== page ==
The Pittsburgh Steelers have turned their attention away from the embarrassing tie with the Cleveland Browns and are solely focused on the Kansas City Chiefs in Week 2. Something I did last season and I’m going to start again is the Black-and-Gold Links article.
This is an article where I take stories from quality news sources across the Internet, and add them here for your viewing pleasure. I won’t be posting the entire articles, but I’ll link each story and author so that you can read the full article.
Today, we focus on how reserve guard B.J. Finney is no stranger to filling in for either Ramon Foster or David DeCastro, but also very comfortable going against the Chiefs — again. With DeCastro looking as if he won’t be able to play Sunday, Finney is set to get his first start of the 2018 regular season.
Let’s get to the news:
By: Ray Fittipaldo, Pittsburgh Post-Gazette
It’s Kansas City week, which can only mean one thing: B.J. Finney is going to start.
For the third consecutive year, Finney will step into the starting lineup due to an injury. He filled in for Ramon Foster the past two years. This year, he’ll start at right guard for David DeCastro, who is officially listed as doubtful but is not going to be able to play due to a fractured bone in his right hand.
This will be Finney’s eighth career start and three of them have come against the Chiefs.
“It’s kind of funny,” said Finney, a Kansas native who played at Kansas State. “We all get a laugh out of it. Somehow, some way, it always falls into place for me to play Kansas City.”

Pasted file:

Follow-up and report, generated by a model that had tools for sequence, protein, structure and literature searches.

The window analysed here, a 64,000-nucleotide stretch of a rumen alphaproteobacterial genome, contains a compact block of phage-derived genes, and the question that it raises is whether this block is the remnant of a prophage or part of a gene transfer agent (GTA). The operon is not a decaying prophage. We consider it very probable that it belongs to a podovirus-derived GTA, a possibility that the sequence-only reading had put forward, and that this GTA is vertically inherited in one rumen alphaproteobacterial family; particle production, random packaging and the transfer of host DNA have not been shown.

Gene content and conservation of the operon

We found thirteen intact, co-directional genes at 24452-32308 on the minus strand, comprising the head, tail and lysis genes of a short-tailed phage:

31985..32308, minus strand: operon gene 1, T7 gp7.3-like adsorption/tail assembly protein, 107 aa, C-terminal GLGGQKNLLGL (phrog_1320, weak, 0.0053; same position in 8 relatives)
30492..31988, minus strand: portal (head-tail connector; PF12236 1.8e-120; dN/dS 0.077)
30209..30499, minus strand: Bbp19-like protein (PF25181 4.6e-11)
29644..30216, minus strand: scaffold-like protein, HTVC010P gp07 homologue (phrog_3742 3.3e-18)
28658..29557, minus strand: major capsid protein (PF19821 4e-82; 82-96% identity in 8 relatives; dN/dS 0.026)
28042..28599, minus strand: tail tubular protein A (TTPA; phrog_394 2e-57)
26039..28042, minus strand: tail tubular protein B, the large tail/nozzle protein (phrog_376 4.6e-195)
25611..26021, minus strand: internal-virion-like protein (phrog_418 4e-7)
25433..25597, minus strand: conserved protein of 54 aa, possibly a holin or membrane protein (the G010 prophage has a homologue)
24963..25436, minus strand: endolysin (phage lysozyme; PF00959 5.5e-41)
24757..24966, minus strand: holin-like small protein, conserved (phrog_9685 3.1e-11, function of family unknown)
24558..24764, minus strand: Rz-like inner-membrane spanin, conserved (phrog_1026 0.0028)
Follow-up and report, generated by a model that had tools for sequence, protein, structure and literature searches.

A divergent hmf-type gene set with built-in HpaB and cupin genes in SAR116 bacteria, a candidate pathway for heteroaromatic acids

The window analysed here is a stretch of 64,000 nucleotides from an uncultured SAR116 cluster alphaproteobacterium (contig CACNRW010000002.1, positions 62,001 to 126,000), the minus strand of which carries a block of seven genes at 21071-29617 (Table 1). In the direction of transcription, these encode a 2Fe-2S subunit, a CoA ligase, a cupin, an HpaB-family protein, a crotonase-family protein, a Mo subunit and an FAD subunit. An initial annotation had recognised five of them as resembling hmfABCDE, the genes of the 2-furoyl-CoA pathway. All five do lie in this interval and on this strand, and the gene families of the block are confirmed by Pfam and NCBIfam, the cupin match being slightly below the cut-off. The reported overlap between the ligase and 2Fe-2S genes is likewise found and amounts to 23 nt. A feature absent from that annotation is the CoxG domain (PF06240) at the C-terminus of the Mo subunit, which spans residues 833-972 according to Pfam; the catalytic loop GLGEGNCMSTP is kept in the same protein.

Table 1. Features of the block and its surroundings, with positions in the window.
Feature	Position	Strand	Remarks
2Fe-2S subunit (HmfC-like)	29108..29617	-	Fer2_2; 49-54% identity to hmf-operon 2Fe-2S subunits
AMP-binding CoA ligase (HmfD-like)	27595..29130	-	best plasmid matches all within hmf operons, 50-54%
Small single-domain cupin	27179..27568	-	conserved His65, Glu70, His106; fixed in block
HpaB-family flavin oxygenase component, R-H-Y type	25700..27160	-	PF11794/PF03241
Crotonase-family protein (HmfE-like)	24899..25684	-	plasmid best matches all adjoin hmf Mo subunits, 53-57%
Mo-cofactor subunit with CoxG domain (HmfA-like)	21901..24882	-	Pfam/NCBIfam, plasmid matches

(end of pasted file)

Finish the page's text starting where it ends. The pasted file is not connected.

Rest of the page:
The offensive line hasn’t missed a beat when Finney starts. The Steelers have won all seven games, and in the past two against the Chiefs, Finney and the other linemen have paved the way for big games by Le’Veon Bell, who rushed for 144 and 179 yards in those games.
James Conner will get the start in place of Bell for a second consecutive week, but the Steelers will be looking for Finney to help keep the ground game moving against the Chiefs.
“It’s just a great opportunity for him,” center Maurkice Pouncey said. “Obviously, every year a lot more linemen play than just five guys. You know how physical it is in there inside the trenches. Finney is locked in. He’s always been a key guy. He’s basically like a starter.”
By: Ed Bouchette, Pittsburgh Post-Gazette
Ties are good. Instead of finding ways to eliminate them, the NFL should banish overtime in the regular season.
Embrace the tie!
Now that the Steelers were involved in a tie game for the first time in 16 years, we’re hearing from many corners how bad they are, how everyone hates them and offering suggestions how to play a game until a winner and loser are determined.
The NFL minimized the number of ties starting in 1974 (as did America with the coming of the leisure suit) when it moved to overtime in the regular season. The Steelers were involved in the very first tie under the new rule, 35-35 in Denver that year. That tie hurt them so much that they went on to a 10-3-1 season and won their first Super Bowl.